Jack Rohan ’53, CU’s Winningest Men’s Basketball Coach
John P. “Jack” Rohan ’53, Columbia
winningest men’s basketball coach and a revered figure in
Lions athletics history, died on August 9. Rohan was 72 when he
passed away in a nursing home in South Yarmouth, Mass.; he had lived
on Cape Cod since retiring from Columbia in 1996 as chairman of
the University’s department of physical education, a post
he had held since 1974.
Rohan was born on August 25, 1931, in Floral Park, Queens, and
was raised in Bellerose. He was a key reserve on Columbia’s
1950–51 basketball team that went unbeaten (21–0) through
the regular season before losing to Illinois in the NCAA tournament,
and was a shortstop, third baseman and pitcher on the baseball team.
His B.A. was in history, and he earned a master’s from Teachers
College in 1957. From 1955–58, Rohan served variously as the
varsity golf and freshman basketball coach at Columbia and the freshman
basketball coach at NYU.
In 1961, when he was 29, Rohan became the Lions’ head men’s
basketball coach. He was selected National Coach of the Year for
the 1967–68 season after leading Columbia to the Ivy League
championship. That team, one of the best in Columbia history, had
a 23–5 record and finished the season ranked sixth in the
nation. It was led by Jim McMillian ’70 and
Dave Newmark ’69, both of whom played professional
basketball, and Heyward Dotson ’70, an NBA
and ABA draftee. Rohan’s teams won 20 games in each of the
next two seasons and were ranked in to nation’s top 20.
In 1974, when his wife became ill and his two small children had
to be cared for, Rohan left coaching to become the tenured chair
of the of physical education department. He became Columbia’s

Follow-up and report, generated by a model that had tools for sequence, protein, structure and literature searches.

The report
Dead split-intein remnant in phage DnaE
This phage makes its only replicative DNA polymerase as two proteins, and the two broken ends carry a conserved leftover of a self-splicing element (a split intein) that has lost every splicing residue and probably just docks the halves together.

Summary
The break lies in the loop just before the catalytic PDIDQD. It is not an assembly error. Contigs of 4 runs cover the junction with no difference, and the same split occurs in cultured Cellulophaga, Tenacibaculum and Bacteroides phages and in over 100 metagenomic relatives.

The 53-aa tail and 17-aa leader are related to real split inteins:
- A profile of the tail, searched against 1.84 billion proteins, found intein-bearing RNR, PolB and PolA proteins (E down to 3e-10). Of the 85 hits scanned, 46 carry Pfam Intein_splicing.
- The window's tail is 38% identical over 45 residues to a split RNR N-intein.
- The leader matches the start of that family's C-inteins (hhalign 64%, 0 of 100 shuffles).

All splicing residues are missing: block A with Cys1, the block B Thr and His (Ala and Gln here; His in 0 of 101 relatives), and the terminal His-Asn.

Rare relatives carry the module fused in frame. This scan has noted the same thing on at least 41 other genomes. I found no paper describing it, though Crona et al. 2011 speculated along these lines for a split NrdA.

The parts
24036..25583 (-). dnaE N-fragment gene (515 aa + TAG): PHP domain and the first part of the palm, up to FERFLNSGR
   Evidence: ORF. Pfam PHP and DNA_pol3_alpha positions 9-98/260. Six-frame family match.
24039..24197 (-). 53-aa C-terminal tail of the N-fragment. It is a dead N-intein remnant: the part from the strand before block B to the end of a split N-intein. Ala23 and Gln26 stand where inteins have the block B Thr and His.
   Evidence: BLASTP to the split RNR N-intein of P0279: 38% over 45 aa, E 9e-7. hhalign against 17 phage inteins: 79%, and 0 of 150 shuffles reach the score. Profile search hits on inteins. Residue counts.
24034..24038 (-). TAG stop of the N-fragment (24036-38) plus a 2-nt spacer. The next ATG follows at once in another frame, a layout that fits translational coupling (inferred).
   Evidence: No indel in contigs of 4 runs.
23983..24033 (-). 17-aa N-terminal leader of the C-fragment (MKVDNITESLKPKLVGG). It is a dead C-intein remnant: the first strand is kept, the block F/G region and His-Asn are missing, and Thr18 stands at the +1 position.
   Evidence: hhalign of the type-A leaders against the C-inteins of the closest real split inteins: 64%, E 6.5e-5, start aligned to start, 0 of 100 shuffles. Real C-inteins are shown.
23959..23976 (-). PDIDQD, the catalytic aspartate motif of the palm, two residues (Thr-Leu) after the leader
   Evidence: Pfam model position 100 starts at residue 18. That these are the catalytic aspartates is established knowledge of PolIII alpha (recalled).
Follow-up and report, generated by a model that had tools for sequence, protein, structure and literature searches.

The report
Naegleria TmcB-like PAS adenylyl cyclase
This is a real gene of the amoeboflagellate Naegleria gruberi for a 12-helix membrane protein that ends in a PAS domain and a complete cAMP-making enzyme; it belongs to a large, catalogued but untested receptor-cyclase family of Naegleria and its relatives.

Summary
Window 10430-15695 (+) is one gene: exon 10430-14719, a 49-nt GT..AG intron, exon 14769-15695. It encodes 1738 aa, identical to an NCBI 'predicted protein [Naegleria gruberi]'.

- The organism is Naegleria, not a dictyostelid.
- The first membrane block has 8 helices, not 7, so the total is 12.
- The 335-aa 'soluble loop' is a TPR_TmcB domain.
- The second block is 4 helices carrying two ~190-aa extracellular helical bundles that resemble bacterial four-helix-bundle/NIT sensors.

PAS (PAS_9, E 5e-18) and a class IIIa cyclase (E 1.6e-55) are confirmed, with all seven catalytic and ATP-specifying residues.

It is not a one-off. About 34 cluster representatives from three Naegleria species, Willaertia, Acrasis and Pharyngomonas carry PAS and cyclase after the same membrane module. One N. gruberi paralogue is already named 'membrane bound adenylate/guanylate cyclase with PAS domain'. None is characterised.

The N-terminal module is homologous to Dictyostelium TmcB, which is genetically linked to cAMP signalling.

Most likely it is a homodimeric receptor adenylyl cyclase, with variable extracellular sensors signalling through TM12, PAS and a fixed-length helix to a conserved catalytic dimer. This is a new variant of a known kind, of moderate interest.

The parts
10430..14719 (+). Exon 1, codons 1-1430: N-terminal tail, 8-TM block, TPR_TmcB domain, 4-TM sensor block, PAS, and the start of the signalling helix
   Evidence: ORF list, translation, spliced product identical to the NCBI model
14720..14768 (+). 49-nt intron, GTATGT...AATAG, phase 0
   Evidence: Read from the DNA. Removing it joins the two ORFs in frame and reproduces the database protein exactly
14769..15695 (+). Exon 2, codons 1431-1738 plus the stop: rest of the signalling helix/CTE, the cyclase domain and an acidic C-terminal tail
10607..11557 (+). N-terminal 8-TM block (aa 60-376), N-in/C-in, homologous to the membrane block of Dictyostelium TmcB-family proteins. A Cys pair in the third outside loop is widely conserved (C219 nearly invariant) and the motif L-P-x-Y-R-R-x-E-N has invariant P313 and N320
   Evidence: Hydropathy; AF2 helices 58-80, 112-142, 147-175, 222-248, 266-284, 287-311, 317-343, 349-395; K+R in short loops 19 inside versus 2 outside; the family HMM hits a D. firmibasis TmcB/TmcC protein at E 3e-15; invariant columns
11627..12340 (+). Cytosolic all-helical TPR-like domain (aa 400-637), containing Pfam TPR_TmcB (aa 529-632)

golf coach in 1976 but remained active in basketball as a sought-after
basketball camp lecturer and clinician, broadcaster and writer.
His in-depth analyses of NCAA Final Fours appeared annually in The
New York Times.
In 1990, Rohan agreed to again coach the Lions. He coached for
five years, leading the team to a 43–87 record, including
a 16–10 mark and a second-place finish in the Ivy League in
1992–93. When he left the head coach’s position after
the 1995 season, his overall record was 198–247. His games
coached — 445 — and victories are Columbia career records.
In 1993, Rohan received a Great Teacher Award from the Society
of Columbia Graduates, the first member of the physical education
department to be so honored. The citation read, in part: “A
model of wit and erudition, a noted raconteur, you are renowned
as much for your scintillating lectures as for courtside strategems.
You know the secrets of bringing out each man’s aptitude and
confidence.” Spectator reported in Rohan’s obituary,
“Rohan’s impact stretched beyond the confines of the
basketball court. He was also well known for his friendly interactions
with the students.”
Despite his success, Rohan’s ego was always restrained.
As he said in 1964: “The worst thing you can do is think you’re
important. Outside of Casey Stengel, how many individuals are important
in this world?”
Rohan is survived by his wife, Barbara; children, Christopher
and Jennifer; and three grandchildren.